Wasp Star is XTC’s second part of a collection of material conceived while the band was ending its imbalanced relationship with Virgin Records. The songs were roughly split into “orchoustic” and “eclectric” categories, but the more tangible difference is exuberance in place of the sedateness of Apple Venus Volume One. (“Wasp Star” is a translation of the Mayan Venus, “Xux Ek.”)
Wasp Star covers some of the familiar ground of Oranges and Lemons and Skylarking. By Andy Partridge’s estimation, Wasp Star is “the noisy guitar album (XTC) should have made in ’95.” Suitably enough, “Playground” begins with electric guitar and drums (alternately provided on Wasp Star by Skylarking’s drummer Prairie Prince and Chuck Sabo). It ends with the admonition “You may leave school, but it never leaves you,” an unnervingly accurate maxim on school’s clandestine function in impressing a societal template. XTC’s trademark sweet/sour methodology is also evident in “I’m the Man Who Murdered Love,” an instantly memorable concoction (even missing the bed of acoustic guitars present in the demo version).
Not that Wasp Star overdoses in cynicism: “Stupidly Happy” uses “the one riff that Keith Richards hadn’t” to build an euphoric account on the airheadedness of the first drunken days of being in love. “We’re All Light” at first seems to have metaphysical significance until you realize it’s a clever montage of chat-up lines.
“My Brown Guitar” is also borne of Andy’s formidable libidinous impulse. Originally, “My Brown Guitar” was intended for XTC’s infamous bubblegum project in which XTC was to assume the guises of numerous late 1960s bubblegum bands that had recorded for the nonexistent Zither Records label. Using such noms de plume as The Sopwith Caramels, The Lollipopes, The Four Posters, and Funnel Of Love, the premise was to record songs with cunningly sexual overtones like “Lolly (Suck It and See),” “Visit to the Doctor,” and “Cherry in Your Tree” (which did get recorded for the Out of This World With Carmen Sandiego album). Sadly, the impasse with Virgin Records apparently caused the concept to wither on the vine. Remade for Wasp Star in a sumptuously slow tempo, “My Brown Guitar” is one of its crucial tracks.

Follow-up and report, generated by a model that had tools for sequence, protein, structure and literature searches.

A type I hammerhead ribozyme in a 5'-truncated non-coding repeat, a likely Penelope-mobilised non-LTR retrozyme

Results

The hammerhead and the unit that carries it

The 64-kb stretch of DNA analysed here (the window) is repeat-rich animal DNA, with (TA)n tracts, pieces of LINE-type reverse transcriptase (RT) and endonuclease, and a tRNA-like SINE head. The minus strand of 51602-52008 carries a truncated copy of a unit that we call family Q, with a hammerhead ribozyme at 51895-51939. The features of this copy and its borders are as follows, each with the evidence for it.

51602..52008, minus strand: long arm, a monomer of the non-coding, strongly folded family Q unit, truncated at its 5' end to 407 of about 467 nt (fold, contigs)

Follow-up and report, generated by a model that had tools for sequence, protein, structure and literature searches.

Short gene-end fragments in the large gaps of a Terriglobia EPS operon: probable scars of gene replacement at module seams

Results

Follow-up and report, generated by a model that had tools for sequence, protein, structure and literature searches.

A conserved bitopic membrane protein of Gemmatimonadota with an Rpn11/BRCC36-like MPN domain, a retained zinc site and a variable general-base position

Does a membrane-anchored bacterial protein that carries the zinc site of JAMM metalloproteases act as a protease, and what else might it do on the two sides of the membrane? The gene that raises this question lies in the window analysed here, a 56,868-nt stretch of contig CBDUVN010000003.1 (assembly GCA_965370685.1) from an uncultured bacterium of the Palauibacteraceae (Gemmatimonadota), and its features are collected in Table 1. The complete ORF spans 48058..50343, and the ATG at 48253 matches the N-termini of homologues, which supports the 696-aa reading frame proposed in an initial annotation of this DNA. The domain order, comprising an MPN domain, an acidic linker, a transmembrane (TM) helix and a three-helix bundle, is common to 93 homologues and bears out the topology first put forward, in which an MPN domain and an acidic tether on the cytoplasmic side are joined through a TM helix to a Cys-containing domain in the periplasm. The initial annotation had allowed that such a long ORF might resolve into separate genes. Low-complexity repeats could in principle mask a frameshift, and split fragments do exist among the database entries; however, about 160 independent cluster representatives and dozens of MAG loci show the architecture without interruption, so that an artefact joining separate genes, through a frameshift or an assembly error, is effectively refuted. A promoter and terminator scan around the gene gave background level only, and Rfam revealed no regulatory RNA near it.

All three of Colin Moulding’s compositions on Wasp Star sparkle but “In Another Life” is especially brilliant. Written in reaction to his wife’s struggle with agoraphobia, he playfully negotiates and cajoles to spice their relationship, e.g. “Well, I’ll be your Burton if you’ll be my Liz” and “I’ll take your mood swings/Well, if you’ll take my hobbies/It all works out in the end.” His “Boarded Up” depicts the musical decline of longtime XTC hometown Swindon.
Like “My Brown Guitar,” “Standing in For Joe” originated as a Zither song in which the protagonist becomes an understudy — or perhaps more precisely, a body double — for his absent friend, a back-to-back adultery theme which continues in Andy’s “Wounded Horse,” a self-effacing country and western pastiche distorted to humourous effect (the opposite of AV1’s vitriolic “Your Dictionary”).
“You and the Clouds Will Still Be Beautiful” begins Wasp Star’s stunning concluding sequence, overlapping with the exhilaration of “Church of Women” and concluding with “The Wheel and the Maypole.” “You and the Clouds Will Still Be Beautiful” compliments its subject wonderfully; “Church of Women” puts women on a higher pedestal, and “The Wheel and the Maypole” binds and unbinds the concepts of decay and rebirth and entrapment and release. The latter two belong amongst the best songs XTC has ever recorded. “The Wheel and the Maypole” is an ingenious construction so seamless that it’s hard to imagine that it originated as two separate, unrelated songs.
©2000 Rodney E Griffith. All rights reserved.